“Gritty is probably the first word to describe the scene. You have to have a seriously strong ‘Why’? And then after that, you have to just grin and bear it,” Coach LaLonde explains. “Because there are some days that are just treacherous, but it's made infinitely easier by the team. So it's just a matter of getting the right group together to keep moving the dial.”

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For the Windrunners, getting the right group together means more than a team of athletes willing to face snow and sleet to get through a tempo run together, it means compiling a committed group of caretakers for their community — especially young girls. One statistic LaLonde brought up was by the age of 13, girls are twice as likely to drop out of sports as boys.

“It's a matter of giving them that example to look up to,” LaLonde says. “If you roll up to a race and you are a warm and approachable force, people take notice.”

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When asked about how they determine success in the group, McKinney briefly touches on the prescient fact that, of course, running success can be defined by quantitative measures like times and splits but then dives into the organizations Windunners has partnered with, like Girls in the Game and the Chicago Parks District, to build and foster relationships with the population they are most interested in serving.

“You can truly see these girls being empowered to really find their passion and to build confidence,” McKinney says. “And that’s something, when I've participated in these service projects, I've been able to see firsthand and that's the success.”

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McMartin isn’t running the upcoming Chicago Marathon this year, but her fingerprints will still be all over the city during race week, and further into the fall. As part of the Mentor Miles program, McMartin is paired up with a middle-school aged female athlete who she will stick along side with during the fall cross country season. The duo will attend a United States Women National Team soccer match in the beginning of marathon week, participate in a 5K the day before the marathon, and spend some time together volunteering at aid stations during the marathon. “After the marathon, we’ll be at the mentees cross country practices and then cheer them on at their championship a few weeks after the marathon,” McMartin tells me.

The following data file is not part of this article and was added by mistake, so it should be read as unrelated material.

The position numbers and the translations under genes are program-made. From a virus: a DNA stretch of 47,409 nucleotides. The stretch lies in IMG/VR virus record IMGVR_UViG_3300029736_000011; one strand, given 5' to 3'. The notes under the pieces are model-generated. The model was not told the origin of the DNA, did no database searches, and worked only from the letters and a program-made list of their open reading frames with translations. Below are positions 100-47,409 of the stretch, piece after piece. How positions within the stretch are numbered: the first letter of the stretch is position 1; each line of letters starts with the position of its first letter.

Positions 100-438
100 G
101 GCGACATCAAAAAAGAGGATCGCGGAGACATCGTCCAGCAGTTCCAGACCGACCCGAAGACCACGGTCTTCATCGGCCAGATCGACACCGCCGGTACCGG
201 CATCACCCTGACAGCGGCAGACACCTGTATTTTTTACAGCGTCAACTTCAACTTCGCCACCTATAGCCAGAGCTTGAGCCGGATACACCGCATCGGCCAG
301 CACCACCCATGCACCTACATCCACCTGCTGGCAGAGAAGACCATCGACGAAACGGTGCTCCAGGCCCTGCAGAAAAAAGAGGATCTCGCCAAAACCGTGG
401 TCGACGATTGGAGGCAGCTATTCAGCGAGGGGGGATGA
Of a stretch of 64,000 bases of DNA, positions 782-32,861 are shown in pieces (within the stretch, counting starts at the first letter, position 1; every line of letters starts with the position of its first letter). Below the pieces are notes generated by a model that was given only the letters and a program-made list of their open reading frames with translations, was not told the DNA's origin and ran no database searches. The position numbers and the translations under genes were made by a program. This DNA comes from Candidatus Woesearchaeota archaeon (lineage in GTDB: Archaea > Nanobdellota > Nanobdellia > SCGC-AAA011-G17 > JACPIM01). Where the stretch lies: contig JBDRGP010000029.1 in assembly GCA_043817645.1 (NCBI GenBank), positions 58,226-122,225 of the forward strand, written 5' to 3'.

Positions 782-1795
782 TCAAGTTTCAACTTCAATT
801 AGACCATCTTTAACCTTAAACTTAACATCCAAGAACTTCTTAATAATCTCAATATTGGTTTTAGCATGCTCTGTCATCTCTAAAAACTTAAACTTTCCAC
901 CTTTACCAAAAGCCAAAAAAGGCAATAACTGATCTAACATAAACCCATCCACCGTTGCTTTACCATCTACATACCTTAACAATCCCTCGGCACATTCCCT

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Sport is a catalyst for change and, if you allow it, it will rip you from comfort zones and wash you of preconceived notions of self. Ten years ago, Coach LaLonde completed her first Ironman. She says on that day, she became a different person. “I remember with 10 kilometers to go literally kind of passing up who I thought I was, and just thinking, ‘Holy shit. I could do anything.’ Anybody that thinks that they can do anything can train themselves to do anything. There is literally no limit to what you can do.”

This message, coming from a group of determined, focused athletes and passed along to their younger counterparts of Chicago, is setting a new standard for what is possible in our communities when we look past serving ourselves and extend our reach towards a broader swath of humanity.


Wind is my least favorite element. The unwillingness of it to break; the consistency of its push; it’s not-so-subtle-at-all demand of just dealing with it and being slightly tougher than I was planning on being when I got out of bed that morning. But, of course, it’s the questions the wind asks of ourselves which make it exactly what it is: a force.

Maybe it’s time we embrace the wind.